I am sure that there is a more sustainable way to be making surfboards, without sacrificing performance aspects that we know and love. One innovation I’m most excited about is using algae oil to blow foam to make blanks. Blanks are the foam outlines from which surfboards are carved out and shaped. Algae based blanks have very similar performance values to the blanks we are accustomed to, but instead of being made with crude petroleum oil, algae traps carbon dioxide as it is grown and its oil is live extracted and used in blanks. Also, the polymer materials built from algae oil can be designed to biodegrade which is awesome! I hope one day we all surf blanks made from algae oil.

Images by @wsl + @jessicahromas

Courtney (Coco) Miller - Surfers for Climate Board Member

Tell us a little about yourself. 

​I was born and bred in Byron - I left at 18 for a long time, always coming home for short periods ​but moved home in the wildness of 2020 and stayed for good. I have worked in politics, fashion, the art world and public service with the central thread being public policy.

Tell us about your relationship with the ocean.

My dad raised my sister and I really as water people - always feeling capable and confident in any type of water. I've always felt not quite myself when I can' be in some body of water everyday and this has always led me to swim in some random spots of the years. But the ocean is the best! I love having salty skin and whether I surf, swim or whatever, it makes a better person every session.

Why did you get involved in Surfers for Climate? 

​​I know how public policy works and how essential groups like Surfers for Climate are in campaigning on issues affecting our society. If I can play a small part in shifting the world to protecting and respecting our oceans, I will leave the planet a happy woman.

Is Surfers for Climate just for surfers?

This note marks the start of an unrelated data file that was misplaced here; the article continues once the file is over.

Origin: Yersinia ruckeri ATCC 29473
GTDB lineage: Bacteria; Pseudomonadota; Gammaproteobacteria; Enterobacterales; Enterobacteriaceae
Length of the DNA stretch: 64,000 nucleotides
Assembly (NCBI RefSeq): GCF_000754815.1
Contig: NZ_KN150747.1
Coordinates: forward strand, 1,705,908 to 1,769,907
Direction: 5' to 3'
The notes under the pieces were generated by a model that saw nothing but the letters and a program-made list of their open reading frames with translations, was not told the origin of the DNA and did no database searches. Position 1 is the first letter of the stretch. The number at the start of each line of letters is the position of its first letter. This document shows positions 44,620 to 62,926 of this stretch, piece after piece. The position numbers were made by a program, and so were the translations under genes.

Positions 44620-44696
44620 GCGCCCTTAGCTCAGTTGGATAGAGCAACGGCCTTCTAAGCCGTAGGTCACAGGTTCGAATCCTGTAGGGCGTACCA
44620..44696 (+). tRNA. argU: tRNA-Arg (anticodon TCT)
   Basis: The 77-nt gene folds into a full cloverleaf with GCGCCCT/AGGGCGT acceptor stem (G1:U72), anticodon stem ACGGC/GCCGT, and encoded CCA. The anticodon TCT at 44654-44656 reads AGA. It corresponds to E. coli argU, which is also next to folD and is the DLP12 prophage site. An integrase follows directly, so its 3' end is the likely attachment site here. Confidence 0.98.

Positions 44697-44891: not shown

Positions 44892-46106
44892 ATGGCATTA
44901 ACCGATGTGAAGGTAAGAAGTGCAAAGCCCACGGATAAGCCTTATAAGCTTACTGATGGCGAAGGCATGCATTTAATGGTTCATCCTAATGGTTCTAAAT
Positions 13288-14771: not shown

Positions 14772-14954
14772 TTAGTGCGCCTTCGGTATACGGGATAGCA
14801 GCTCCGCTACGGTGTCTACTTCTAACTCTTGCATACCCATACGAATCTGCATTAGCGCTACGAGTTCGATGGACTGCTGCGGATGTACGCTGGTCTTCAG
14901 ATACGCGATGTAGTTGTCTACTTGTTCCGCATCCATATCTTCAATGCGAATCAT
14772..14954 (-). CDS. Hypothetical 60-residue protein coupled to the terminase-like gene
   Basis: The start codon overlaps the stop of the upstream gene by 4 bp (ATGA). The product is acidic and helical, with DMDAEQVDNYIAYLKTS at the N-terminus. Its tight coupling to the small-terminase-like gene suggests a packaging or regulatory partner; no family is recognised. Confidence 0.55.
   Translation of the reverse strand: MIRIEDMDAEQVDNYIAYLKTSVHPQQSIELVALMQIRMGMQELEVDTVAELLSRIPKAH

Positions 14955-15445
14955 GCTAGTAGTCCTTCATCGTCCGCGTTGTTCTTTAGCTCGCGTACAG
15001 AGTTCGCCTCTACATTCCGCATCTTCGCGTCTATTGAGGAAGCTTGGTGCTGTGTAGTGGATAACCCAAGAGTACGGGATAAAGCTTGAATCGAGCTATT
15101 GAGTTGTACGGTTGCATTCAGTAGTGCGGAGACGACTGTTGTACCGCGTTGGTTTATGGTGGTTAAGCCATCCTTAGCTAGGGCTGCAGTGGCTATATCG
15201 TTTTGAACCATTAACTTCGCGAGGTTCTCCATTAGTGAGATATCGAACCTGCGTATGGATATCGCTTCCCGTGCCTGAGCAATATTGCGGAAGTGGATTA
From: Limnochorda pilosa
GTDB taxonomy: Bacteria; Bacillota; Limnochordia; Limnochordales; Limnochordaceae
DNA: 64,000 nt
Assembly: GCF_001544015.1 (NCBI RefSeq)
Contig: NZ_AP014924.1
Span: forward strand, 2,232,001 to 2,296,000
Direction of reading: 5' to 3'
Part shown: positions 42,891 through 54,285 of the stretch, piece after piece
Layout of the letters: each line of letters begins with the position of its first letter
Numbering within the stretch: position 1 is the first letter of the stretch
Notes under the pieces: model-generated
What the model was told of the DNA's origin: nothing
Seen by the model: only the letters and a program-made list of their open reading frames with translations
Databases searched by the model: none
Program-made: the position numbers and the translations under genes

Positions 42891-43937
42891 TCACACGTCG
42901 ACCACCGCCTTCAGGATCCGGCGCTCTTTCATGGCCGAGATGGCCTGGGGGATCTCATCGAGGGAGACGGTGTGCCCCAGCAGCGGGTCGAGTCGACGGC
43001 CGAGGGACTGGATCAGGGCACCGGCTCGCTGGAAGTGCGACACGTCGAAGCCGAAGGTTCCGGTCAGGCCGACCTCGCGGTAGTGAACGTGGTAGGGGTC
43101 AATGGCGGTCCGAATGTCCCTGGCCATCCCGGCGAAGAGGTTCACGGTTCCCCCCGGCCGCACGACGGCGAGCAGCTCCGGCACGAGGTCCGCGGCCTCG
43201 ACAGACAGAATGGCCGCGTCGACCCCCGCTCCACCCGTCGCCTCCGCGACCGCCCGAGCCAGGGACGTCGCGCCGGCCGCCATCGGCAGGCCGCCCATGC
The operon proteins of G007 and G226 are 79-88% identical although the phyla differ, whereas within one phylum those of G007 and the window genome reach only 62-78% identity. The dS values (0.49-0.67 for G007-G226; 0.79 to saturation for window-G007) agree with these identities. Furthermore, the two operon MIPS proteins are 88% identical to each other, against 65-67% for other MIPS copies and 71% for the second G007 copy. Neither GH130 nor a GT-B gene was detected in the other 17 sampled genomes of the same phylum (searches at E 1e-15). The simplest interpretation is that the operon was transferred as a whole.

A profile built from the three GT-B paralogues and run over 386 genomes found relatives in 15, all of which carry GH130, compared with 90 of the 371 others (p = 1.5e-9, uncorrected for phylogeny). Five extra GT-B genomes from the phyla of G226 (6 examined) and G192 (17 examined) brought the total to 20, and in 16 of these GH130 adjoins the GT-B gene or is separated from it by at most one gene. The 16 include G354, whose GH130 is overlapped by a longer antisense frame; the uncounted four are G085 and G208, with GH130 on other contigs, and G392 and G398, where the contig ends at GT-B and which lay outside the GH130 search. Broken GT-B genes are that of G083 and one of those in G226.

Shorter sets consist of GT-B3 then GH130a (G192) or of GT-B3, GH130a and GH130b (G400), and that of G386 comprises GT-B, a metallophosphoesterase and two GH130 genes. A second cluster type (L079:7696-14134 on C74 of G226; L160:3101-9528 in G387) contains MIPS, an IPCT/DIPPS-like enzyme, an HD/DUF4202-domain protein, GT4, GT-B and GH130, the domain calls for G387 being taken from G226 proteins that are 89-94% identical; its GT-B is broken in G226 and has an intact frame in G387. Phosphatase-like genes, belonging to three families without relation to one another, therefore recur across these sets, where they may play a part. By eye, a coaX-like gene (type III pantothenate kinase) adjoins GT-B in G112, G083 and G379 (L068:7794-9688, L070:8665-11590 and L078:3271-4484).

Not exclusively - like we wouldn’t put that as a ​prerequisite for any event but of course surfers or waterpeople are our key audience - I would say it's open to anyone wh​o cares about our oceans. My mum has come to a bunch of events, and as someone who grew up in a landlocked Canadian town she is not a surfer but LOVES the ocean so anyone in that camp is absolutely welcome.

Fashion and surf boards are both luxury items (not necessities), how do you think consumers can help drive the industries to be lower impact? 

​​This is always a bit tricky because ultimately the big ticket items we're facing are very structural, like the need to shift towards renewable energy and away from fossil fuels, and ultimately we really need to pressure/support our Government to make the strategic decisions on these fronts. Individuals can make really key choices but I would say whether or not they move to a hot water pump or an induction stovetop is more important than their dress or surfboard if that's an option. All of us can lower impact in both those relatively small decisions, but I would also say join in the campaign for the big ticket stuff too - we have a very small window to make a significant impact on Climate Change and Australia is a key player.

Images by @evie_hudson